Dr. Donald Berwick runs the Centers for Medicare & Medicaid Services. He now serves under a recess appointment that will expire at the end of this year. And, although the president could take the politically risky step of extending his tenure with another recess appointment, officially naming him to run the agency for the long haul would require Senate confirmation. News reports suggest that this won't happen. Berwick may not even receive a hearing.
We can't evaluate the backstage politics, but one thing is certain. Both Democrats and Republicans should be dismayed at the sight of a partisan campaign driving yet another distinguished figure out of American government.
In a recent letter, 42 Republican senators harshly urged that Berwick's permanent nomination by withdrawn, citing his "lack of experience in the areas of health plan operations and insurance regulation" as well as "his record of controversial statements and general lack of experience managing an organization as large and complex as CMS." Because 42 votes is enough to block his approval, Berwick has been described by some as a bureaucratic dead man walking. As one supporter told the New York Times: "Everybody here admires Don and the work he's done, but he is not going to be confirmed. That's inevitable. … There's not a lot of optimism that the White House can do anything about it."
You might think there is some genuine issue regarding Berwick's professional stature, his experience, his integrity or his job performance. There isn't — any more than there is such an issue regarding whether Federal Reserve Board nominee (and Nobel Prize-winning economist) Peter Diamond has sufficient experience in monetary policy.
Berwick has greater management experience than many previous CMS administrators. Few have matched his knowledge of the American health care system or his high standing within the medical profession. He is one of the world's leading experts in patient safety and quality improvement. A pediatrician and health policy researcher, he has authored hundreds of scholarly articles. He has spent decades in the trenches of the American health care system seeking to improve it.
In 1999, he co-founded the Institute for Healthcare Improvement, which has provided guidance in the U.S. and abroad regarding strategies to improve health outcomes. Most famous is the 100,000 lives campaign, which disseminates best practices to prevent hospital-acquired infections and avoidable deaths.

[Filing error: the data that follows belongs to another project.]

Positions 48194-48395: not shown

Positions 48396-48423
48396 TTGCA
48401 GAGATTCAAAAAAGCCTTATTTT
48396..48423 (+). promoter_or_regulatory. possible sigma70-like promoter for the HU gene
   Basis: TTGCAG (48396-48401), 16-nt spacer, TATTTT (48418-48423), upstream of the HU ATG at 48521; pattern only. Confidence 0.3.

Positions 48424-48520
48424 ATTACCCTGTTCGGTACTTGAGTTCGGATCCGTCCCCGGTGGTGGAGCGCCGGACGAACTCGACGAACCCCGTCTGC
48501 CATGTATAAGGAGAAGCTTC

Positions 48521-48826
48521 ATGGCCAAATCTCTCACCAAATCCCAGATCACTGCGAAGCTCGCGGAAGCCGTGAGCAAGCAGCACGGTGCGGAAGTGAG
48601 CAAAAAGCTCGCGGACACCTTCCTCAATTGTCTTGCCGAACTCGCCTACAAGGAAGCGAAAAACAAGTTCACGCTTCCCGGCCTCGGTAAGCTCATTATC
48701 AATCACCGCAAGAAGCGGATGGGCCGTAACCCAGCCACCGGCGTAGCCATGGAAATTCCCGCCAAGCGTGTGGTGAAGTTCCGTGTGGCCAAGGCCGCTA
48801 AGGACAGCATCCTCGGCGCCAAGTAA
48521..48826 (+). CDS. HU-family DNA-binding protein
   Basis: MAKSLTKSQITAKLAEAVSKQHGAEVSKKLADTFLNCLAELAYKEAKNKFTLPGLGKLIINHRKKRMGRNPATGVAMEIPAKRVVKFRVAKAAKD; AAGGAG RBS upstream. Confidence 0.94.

He is intimately familiar with many of the nation's best (and worst) health care organizations. The new federal health law finances critical demonstration projects to expand coverage, improve chronic disease management and to improve care quality. He has virtually unique credibility among physicians, hospital leaders and health services researchers in leading these efforts.
He is exactly the type of health policy wonk who, if circumstances were different, might have been appointed to the same job under a Republican administration. Thomas Scully, CMS administrator under President George W. Bush, got to the nub of things: "He's universally regarded and a thoughtful guy who is not partisan. … You could nominate Gandhi to be head of CMS and that would be controversial right now." Berwick's nomination was supported by Gail Wilensky and Mark McClellan, two prominent Republicans who ran CMS in two Bush administrations.
But, like every seasoned and serious health policy researcher, he has provided a few sound bites that political operatives can spin in a systemic campaign to depict him as a left-wing figure. For example, Berwick recommended that physicians "reduce the use of unwanted and ineffective medical procedures at the end of life." One can present such statements as supporting death panels. In fact, these comments reflect a sensible and humane perspective shared by most physicians who provide end-of-life care.